Monday, August 03, 2009

Antimoral Societies

In his 1944 book, The Road to Serfdom, Nobel winning economist F.A. Hayek discusses the muddled moral thinking brought on by “fifty years’ approach toward collectivism.” His discussion of morality on pages 231-233 is thought provoking.
“Issues in this field have become so confused that it is necessary to go back to fundamentals. What our generation is in danger of forgetting is not only that morals are of necessity a phenomenon of individual conduct but also that they can exist only in the sphere in which the individual is free to decide for himself and is called upon voluntarily to sacrifice personal advantage to the observance of a moral rule. Outside the sphere of individual responsibility there is neither goodness nor badness, neither opportunity for moral merit nor the chance of proving one’s conviction by sacrificing one’s desires to what one thinks right. Only where we ourselves are responsible for our own interests and are free to sacrifice them has our decision moral value. We are neither entitled to be unselfish at someone else’s expense nor is there any merit in being unselfish if we have no choice. The members of a society who in all respects are made to do the good thing have no title to praise. As Milton said: “If every action which is good or evil in a man of ripe years were under pittance and prescription and compulsion, what were virtue but a name, what praise should then be due to well-doing, what gramercy to be sober, just, or continent?”

“Freedom to order our own conduct in the sphere where material circumstances force a choice upon us, and responsibility for the arrangement of our own life according to our own conscience, is the air in which alone moral sense grows and in which moral values are daily re-created in the free decision of the individual. Responsibility, not to a superior, but to one’s conscience, the awareness of a duty not exacted by compulsion, the necessity to decide which of the things one values are to be sacrificed to others, and to bear the consequences of one’s own decision, are the very essence of any morals which deserve the name.

“That in this sphere of individual conduct the effect of collectivism has been almost entirely destructive is both inevitable and undeniable. A movement whose main promise is the relief from responsibility cannot but be antimoral in its effect, however lofty the ideals to which it owes its birth. Can there be much doubt that the feeling of personal obligation to remedy inequities, where our individual power permits, has been weakened rather than strengthened, that both the willingness to bear responsibility and the consciousness that it is our own individual duty to know how to choose have been perceptibly impaired? There is all the difference between demanding that a desirable state of affairs should be brought about by the authorities, or even being willing to submit provided everyone else is made to do the same, and the readiness to do what one thinks right one’s self at the sacrifice of one’s own desires and perhaps in the face of hostile public opinion. There is much to suggest that we have in fact become more tolerant toward particular abuses and much more indifferent to inequities in individual cases, since we have fixed our eyes on an entirely different system in which the state will set everything right. It may even be, as has been suggested, that the passion for collective action is a way in which we now without compunction collectively indulge in that selfishness which as individuals we had learned a little to restrain.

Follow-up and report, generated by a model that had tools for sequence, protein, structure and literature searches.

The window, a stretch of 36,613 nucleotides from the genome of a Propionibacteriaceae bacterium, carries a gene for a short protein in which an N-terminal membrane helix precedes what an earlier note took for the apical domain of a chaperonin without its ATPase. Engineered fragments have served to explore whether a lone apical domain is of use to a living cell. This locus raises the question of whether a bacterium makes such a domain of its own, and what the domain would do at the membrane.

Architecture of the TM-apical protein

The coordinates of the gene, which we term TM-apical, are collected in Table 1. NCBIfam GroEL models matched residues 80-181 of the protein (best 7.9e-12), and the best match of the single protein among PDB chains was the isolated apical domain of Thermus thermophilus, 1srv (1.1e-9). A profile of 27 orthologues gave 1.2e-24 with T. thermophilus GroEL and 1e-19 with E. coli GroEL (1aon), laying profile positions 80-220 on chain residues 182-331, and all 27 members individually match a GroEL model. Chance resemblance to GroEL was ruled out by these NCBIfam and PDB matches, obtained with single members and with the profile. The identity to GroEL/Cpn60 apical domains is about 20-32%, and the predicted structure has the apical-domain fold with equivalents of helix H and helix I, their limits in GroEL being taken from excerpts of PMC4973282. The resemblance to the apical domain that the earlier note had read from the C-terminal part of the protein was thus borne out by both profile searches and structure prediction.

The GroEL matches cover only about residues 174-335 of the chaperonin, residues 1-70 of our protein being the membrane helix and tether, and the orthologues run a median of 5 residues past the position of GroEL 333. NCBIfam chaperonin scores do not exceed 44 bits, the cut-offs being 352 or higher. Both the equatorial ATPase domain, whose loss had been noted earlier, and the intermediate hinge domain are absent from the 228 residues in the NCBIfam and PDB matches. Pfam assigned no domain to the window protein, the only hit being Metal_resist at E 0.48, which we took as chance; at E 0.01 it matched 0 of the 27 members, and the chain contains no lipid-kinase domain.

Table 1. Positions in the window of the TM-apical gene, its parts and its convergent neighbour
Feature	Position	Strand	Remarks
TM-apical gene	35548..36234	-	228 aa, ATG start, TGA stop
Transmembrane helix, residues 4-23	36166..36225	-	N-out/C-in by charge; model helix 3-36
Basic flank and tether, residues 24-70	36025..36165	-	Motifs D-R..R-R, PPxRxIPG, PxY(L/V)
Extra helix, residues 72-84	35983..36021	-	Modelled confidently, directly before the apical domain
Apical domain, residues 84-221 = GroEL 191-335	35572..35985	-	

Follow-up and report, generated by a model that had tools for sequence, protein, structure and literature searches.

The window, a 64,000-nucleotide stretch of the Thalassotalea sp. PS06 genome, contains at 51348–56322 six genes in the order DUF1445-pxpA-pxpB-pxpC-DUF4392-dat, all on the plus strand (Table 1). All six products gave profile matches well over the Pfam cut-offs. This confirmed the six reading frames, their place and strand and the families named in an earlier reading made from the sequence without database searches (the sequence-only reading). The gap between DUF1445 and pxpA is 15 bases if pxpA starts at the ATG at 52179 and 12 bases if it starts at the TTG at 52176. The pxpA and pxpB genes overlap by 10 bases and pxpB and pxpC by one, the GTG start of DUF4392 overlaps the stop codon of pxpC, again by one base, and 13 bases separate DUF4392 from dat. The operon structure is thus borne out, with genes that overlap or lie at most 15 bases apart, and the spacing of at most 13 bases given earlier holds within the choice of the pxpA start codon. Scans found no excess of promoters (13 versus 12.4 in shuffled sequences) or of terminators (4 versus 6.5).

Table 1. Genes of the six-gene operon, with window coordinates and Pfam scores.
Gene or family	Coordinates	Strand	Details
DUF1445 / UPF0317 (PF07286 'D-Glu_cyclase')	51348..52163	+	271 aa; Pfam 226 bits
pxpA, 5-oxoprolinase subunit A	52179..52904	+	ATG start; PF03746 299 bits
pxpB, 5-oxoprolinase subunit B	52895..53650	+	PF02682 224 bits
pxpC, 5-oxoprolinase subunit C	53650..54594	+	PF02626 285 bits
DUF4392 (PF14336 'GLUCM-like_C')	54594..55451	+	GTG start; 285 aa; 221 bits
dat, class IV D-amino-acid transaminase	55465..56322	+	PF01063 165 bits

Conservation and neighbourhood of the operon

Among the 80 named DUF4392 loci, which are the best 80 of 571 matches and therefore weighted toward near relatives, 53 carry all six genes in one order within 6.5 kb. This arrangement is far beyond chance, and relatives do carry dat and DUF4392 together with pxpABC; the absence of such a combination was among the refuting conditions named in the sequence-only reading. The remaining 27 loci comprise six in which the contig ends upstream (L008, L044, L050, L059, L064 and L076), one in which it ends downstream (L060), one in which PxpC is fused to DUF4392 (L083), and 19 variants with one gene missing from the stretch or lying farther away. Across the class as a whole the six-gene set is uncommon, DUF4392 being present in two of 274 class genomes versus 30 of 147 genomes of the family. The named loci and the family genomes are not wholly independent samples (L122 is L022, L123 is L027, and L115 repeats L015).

“It is true that the virtues which are less esteemed and practiced now—independence, self-reliance, and the willingness to voluntary cooperation with one’s neighbors—are essentially those on which the working of an individualist society rests. Collectivism has nothing to put in their place, and in so far as it has destroyed them it has left a void filled by nothing but the demand for obedience and the compulsion of the individual to do what is collectively decided to be good. The periodical election of representatives, to which the moral choice of the individual tends to be more and more reduced, is not an occasion on which his moral values are tested or where he has constantly to reassert and prove the order of his values and to testify to the sincerity of his profession by the sacrifice of those of his values he rates lower to those he puts higher.”